News reflects a divided Pakistan


Coverage: Pakistani papers show schisms of class, education and world perspective - and news of Afghanistan often takes a back seat.

October 05, 2001|By Frank Langfitt | Frank Langfitt,SUN FOREIGN STAFF

ISLAMABAD, Pakistan - Possible U.S. military strikes on Afghanistan may dominate headlines across much of the world, but Pakistan's most popular newspaper has other things on its mind.

Instead of leading with a story on Afghanistan or the United States yesterday, the newspaper Jang focused on a topic guaranteed to grab even more readers here: bashing Pakistan's longtime enemy, India.

The lead story, one of five front-page articles about India, focused on the false report of a hijacking in New Delhi. Foreign news services quoted Indian officials as saying the hijacking was a false alarm. But Jang accused India of engineering the event in hopes of blaming Muslim terrorists with ties to Pakistan. India's goal, Jang suggested, was to put Pakistan in the cross hairs of America's war on terrorism.

"On the issue of hijacking, India has staged a big drama," read an Urdu-language headline over an article that provided no direct evidence for its claim. "After hours of this baseless propaganda in the international media, the whole drama was found to be false."

As the world focuses its attention on the looming conflict in Afghanistan, the people of this nation and its news media continue to see many of the unfolding events through the lens of their hatred for India. Muslim Pakistan and Hindu India have fought three wars since the late 1940s, two of them sparked by conflict over Kashmir, a mountainous territory divided between the two countries.

Pakistan's near-obsession with its lifelong rival is one of several factors shaping the way its media cover news in this nation of 141 million. A review of the front pages of two of Pakistan's leading newspapers yesterday illustrates some of the common ground and divisions here as the country faces what its president, Gen. Pervez Musharraf, has called its greatest crisis in three decades.

If distaste for India seems to unite Pakistanis, class, education and perspective on the world divide them. Jang and the English-language Dawn, the oldest and most professional newspaper in the country, capture some of the schisms.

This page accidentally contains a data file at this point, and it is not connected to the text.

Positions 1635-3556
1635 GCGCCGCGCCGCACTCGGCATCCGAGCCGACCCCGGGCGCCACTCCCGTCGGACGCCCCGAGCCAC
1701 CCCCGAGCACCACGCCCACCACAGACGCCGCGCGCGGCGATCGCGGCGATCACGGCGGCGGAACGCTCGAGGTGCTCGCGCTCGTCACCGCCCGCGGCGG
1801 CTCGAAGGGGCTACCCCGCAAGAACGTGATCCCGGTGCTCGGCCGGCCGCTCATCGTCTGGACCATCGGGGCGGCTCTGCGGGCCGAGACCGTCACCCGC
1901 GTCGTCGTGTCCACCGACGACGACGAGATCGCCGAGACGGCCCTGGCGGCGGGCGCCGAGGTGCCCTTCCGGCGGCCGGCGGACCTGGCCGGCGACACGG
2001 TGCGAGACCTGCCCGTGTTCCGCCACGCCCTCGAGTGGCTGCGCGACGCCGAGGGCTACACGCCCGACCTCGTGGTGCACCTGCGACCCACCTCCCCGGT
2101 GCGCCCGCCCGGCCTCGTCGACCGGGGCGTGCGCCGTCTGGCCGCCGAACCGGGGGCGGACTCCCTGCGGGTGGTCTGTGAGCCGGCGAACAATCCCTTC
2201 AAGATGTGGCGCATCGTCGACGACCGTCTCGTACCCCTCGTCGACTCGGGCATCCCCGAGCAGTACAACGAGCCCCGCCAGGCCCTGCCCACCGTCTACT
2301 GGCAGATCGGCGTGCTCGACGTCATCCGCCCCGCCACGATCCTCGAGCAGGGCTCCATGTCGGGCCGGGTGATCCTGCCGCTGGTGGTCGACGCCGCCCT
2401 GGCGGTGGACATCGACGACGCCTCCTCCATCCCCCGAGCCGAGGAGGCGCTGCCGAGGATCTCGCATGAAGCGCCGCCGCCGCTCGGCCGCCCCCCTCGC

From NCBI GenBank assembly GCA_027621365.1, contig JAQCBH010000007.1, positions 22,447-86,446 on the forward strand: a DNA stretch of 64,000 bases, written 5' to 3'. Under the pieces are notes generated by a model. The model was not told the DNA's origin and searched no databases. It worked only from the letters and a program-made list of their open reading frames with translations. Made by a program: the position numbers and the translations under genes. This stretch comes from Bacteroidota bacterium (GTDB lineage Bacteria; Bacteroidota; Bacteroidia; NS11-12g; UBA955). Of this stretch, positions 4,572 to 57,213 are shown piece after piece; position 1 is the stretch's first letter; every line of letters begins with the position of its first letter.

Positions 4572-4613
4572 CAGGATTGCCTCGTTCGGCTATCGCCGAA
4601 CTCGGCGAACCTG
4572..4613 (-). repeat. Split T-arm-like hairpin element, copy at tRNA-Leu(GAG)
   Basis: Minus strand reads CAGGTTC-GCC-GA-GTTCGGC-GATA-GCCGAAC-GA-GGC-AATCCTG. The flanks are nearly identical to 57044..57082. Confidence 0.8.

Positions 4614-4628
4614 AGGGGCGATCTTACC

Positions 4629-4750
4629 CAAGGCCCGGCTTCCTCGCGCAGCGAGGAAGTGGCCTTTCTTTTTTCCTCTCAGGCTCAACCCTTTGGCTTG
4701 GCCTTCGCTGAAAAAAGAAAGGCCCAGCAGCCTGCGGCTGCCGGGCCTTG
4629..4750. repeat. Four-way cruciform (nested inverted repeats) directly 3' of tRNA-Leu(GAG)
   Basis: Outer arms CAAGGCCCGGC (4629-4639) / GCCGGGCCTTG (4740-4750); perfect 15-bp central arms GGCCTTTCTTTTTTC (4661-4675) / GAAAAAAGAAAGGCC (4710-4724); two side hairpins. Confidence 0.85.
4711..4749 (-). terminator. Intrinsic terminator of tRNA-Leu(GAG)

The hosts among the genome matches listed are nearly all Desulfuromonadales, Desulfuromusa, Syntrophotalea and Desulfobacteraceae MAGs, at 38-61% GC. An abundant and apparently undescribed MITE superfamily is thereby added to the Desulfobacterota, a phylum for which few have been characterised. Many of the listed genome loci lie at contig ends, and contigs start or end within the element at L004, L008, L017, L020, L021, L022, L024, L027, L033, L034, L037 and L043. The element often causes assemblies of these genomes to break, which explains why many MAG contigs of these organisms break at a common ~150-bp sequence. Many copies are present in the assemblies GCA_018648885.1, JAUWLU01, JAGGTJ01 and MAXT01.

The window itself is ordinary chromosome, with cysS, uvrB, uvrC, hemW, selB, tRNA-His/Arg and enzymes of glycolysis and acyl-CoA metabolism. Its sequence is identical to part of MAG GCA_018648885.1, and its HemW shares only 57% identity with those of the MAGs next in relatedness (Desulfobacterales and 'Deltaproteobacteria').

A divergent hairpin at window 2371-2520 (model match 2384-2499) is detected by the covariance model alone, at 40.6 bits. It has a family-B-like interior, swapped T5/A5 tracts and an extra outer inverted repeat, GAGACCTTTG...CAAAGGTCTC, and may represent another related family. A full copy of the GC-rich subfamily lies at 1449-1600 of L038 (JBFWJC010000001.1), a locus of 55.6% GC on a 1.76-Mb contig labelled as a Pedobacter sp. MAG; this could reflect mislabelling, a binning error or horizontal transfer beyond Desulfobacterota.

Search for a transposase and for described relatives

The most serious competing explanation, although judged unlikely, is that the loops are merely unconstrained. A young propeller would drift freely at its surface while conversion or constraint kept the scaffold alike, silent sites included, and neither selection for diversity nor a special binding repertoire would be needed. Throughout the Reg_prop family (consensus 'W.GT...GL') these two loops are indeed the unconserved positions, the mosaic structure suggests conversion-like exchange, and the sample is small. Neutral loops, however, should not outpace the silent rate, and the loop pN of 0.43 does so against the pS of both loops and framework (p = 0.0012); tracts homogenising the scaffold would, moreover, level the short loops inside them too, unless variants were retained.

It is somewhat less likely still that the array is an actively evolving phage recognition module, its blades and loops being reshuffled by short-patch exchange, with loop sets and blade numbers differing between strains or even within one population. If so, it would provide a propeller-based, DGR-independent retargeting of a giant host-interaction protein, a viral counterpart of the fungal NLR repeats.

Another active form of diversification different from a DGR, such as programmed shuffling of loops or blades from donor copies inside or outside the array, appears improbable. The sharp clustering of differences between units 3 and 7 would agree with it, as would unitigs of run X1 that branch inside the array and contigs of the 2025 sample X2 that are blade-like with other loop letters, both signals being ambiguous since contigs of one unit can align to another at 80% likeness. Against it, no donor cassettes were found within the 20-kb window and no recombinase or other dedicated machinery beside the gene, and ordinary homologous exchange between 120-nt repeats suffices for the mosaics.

Jang, which means war in Urdu, was founded in 1965 during a war with India. A pro-government newspaper, Jang appeals to middle- and lower-middle class Pakistanis, with short, punchy stories.

Yesterday's front page had 27.

Although the newspaper declines to give figures, it is thought to have a circulation numbering in the hundreds of thousands. Part of Jang's appeal lies in a taste for sensational - and sometimes irresponsible - stories that feed the prejudices of its readers. About a week after the Sept. 11 terrorist attacks on the World Trade Center and the Pentagon, Jang reprinted a short article from a Persian Gulf newspaper called Al-Watan, based in Oman.

The article reported that 4,000 Jews had failed to show up for work in the World Trade Center the day the hijacked airliners struck the twin towers. The implication was clear to all Pakistanis: Israel was somehow involved.

Amplified by militant Islamic religious leaders in speeches to their followers, the untrue story, which appeared in other newspapers as well, played to the resentment toward Israelis in this country that is 97 percent Muslim. The Jewish conspiracy theory soon became gospel from the bazaars of Punjab to the refugee camps along the Afghan-Pakistani border.

"Jews are involved," says Rehmatullah, a lecturer at the University of Baluchistan in southern Pakistan and who, like many ethnic Afghans, uses only one name. "Jews are trying to start a war between Muslims and Christians."

Dawn, which has a circulation of about 100,000, never ran the story. Catering to the nation's government, business and academic elite, Dawn approaches stories more carefully and conservatively than Jang.

"We have to have sources," says Mohammed Ziauddin, who runs the paper's bureau in the capital, Islamabad.

Dawn also presents news from a broader, international perspective for its globally attuned audience. While Jang attacked India yesterday in a lead news story that read like an editorial, Dawn ran a different version in a narrow box flush against the right edge of the front page.

The headline was ambiguous: "Confusion surrounds Indian plane hijacking." The article cited a British Broadcasting Corp. newscast quoting the Indian civil aviation minister as saying that the hijacking was a security drill.

"We could have played this story any way, like Jang has done it, but normally we don't," says Ziauddin, 62, sitting at his desk next to a glowing computer screen and a television tuned to BBC World. Ziauddin says his paper's correspondent in New Delhi found no evidence that India had staged the incident.

"The government looks at anything that happens in India with a suspicious eye," he says. "They would like to play up angles which would put India in a bad light."

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